8

ps -o command shows each command on a separate line, with space separated, unquoted arguments:

$ ps -o command
COMMAND
bash
ps -o command

This can be a problem when checking whether the quoting was correct or to copy and paste a command to run it again. For example:

$ xss-lock --notifier="notify-send -- 'foo bar'" slock &
[1] 20172
$ ps -o command | grep [x]ss-lock
xss-lock --notifier=notify-send -- 'foo bar' slock

The output of ps is misleading - if you try to copy and paste it, the command will not do the same thing as the original. So is there a way, similar to Bash's printf %q, to print a list of running commands with correctly escaped or quoted arguments?

2
  • Probably not unless you go hack the source for ps. Commented Nov 15, 2015 at 15:06
  • 1
    Of course, if you typed it in, you probably have the original command in your shell history...
    – meuh
    Commented Nov 15, 2015 at 19:51

4 Answers 4

5

On Linux, you can get a slightly more raw list of args to a command from /proc/$pid/cmdline for a given process id. The args are separated by the nul char. Try cat -v /proc/$pid/cmdline to see the nuls as ^@, in your case: xss-lock^@--notifier=notify-send -- 'foo bar'^@slock^@.

The following perl script can read the proc file and replace the nuls by a newline and tab giving for your example:

xss-lock
    --notifier=notify-send -- 'foo bar'
    slock

Alternatively, you can get a requoted command like this:

xss-lock '--notifier=notify-send -- '\''foo bar'\''' 'slock' 

if you replace the if(1) by if(0):

perl -e '
  $_ = <STDIN>;
  if(1){
      s/\000/\n\t/g;  
      s/\t$//; # remove last added tab
  }else{
      s/'\''/'\''\\'\'\''/g;  # escape all single quotes
      s/\000/ '\''/;          # do first nul
      s/(.*)\000/\1'\''/;     # do last nul
      s/\000/'"' '"'/g;       # all other nuls
  }
  print "$_\n";
' </proc/$pid/cmdline 
7
  • +1 works, but can't be used without further munging to run the command again.
    – l0b0
    Commented Nov 15, 2015 at 16:27
  • @l0b0 It's the best you can get. At least on Linux it's possible, there are Unix variants that only store the command line in an ambiguous, truncated form. Commented Nov 15, 2015 at 19:42
  • this actually breaks if the process named is called from a path with apostrophes. the command name needs quoting, too.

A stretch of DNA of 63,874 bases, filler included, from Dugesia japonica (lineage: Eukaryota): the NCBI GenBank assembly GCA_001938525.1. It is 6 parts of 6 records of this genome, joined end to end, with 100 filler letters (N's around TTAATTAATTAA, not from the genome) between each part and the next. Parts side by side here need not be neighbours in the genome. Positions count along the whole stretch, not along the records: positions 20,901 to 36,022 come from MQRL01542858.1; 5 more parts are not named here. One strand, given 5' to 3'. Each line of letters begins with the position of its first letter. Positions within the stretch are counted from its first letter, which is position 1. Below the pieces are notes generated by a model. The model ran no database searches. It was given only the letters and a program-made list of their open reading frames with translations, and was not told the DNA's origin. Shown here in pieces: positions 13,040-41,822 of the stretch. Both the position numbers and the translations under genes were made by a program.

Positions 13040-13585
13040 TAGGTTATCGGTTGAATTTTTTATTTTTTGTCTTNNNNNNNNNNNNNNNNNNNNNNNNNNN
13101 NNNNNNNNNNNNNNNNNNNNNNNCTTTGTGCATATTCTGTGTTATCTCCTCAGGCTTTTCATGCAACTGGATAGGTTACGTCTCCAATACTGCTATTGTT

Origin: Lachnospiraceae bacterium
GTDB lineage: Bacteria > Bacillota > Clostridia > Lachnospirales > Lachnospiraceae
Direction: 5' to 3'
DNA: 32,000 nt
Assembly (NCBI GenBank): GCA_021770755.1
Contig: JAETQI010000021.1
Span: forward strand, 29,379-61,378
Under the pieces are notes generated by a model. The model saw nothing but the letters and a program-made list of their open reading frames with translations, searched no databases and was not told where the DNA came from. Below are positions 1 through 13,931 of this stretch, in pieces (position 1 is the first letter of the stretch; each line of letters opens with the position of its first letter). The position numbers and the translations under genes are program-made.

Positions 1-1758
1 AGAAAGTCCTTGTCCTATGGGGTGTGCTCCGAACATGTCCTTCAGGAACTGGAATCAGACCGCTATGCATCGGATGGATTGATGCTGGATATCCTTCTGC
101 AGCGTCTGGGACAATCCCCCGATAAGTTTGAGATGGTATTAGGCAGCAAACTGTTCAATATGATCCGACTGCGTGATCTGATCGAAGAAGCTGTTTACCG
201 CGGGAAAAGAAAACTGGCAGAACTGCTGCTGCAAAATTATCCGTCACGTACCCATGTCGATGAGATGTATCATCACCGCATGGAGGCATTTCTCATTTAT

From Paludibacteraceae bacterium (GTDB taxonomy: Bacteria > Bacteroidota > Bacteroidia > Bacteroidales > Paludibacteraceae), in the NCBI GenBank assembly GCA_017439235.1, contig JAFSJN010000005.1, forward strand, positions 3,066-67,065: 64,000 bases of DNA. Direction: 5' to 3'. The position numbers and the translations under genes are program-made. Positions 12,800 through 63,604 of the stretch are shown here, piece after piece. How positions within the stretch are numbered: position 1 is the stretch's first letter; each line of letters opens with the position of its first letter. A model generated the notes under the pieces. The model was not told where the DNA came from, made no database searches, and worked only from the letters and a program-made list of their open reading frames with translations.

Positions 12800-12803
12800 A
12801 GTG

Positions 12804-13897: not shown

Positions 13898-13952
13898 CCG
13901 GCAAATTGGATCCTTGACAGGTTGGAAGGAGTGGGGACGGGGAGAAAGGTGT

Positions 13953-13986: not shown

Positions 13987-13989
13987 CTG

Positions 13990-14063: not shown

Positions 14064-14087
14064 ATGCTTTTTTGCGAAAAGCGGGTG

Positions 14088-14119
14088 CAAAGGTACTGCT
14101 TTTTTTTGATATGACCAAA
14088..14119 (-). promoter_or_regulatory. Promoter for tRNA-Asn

– mikeserv
    Commented Nov 15, 2015 at 20:47
  • Try perl -ne 'print join(" ", map quotemeta, split(/\000/)), "\n"' < /proc/.../cmdline for a quick-and-dirty re-runnable version, with excess backslashes.
    – oals
    Commented Nov 15, 2015 at 21:04
  • 1
    Or slightly shorter, perl -nE '$, = " "; say map quotemeta, split /\0/' /proc/.../cmdline
    – oals
    Commented Nov 15, 2015 at 21:11
2

As meuh noted, you can get the string on Linux and NetBSD from /proc/PID/cmdline with arguments delimited by NUL bytes. Here is a quick and dirty way to transform them into runnable command-lines.

perl -ne 'print join(" ", map quotemeta, split(/\000/)), "\n"' /proc/.../cmdline

The output looks like:

xss\-lock \-\-notifier\=notify\-send\ \-\-\ \'foo\ bar\' slock

You can directly copypaste it to your shell to run it.

Shorter variant (requires Perl 5.10 or newer):

perl -nE '$, = " "; say map quotemeta, split /\0/' /proc/.../cmdline

And while I'm at it, a golfed version (40 bytes):

perl -nE'$,=" ";say map"\Q$_",split/\0/' /proc/.../cmdline
2

As with the other answers, /proc/${PID}/cmdline is the key, and this is available on Linux, FreeBSD, and NetBSD.

As an alternative to perl and some quite complex sed, observe that xargs with the common but not standard -0 can happily turn -terminated strings into command arguments, and (as the question says) printf with the common but not standard %q format specifier can happily turn command arguments into shell-quoted strings.

for i in /proc/[0-9]*/
do
    basename "$i"
    < $i/cmdline xargs -0 printf '\t%q'
    printf '\n'
done

The only tricky part is systems like FreeBSD where the system external printf, and the printf built in to sh, do not have %q. This is less widespread than -0 to xargs is. So one has to resort to using someone else's printf.

for i in /proc/[0-9]*/
do
    basename "$i"
    < $i/cmdline xargs -0 zsh -c 'printf "\t%q" "$0" "$@"'
    printf '\n'
done

Observe that there's no guarantee that these are the command name and arguments that the program was started with. Programs can change what is seen here. You will find that a lot of them do, and they use an inferior setproctitle() function that mangles the argument string. There is nothing that you can do about this. The individual programs themselves have constructed a faulty argument string that puts everything into a single argument.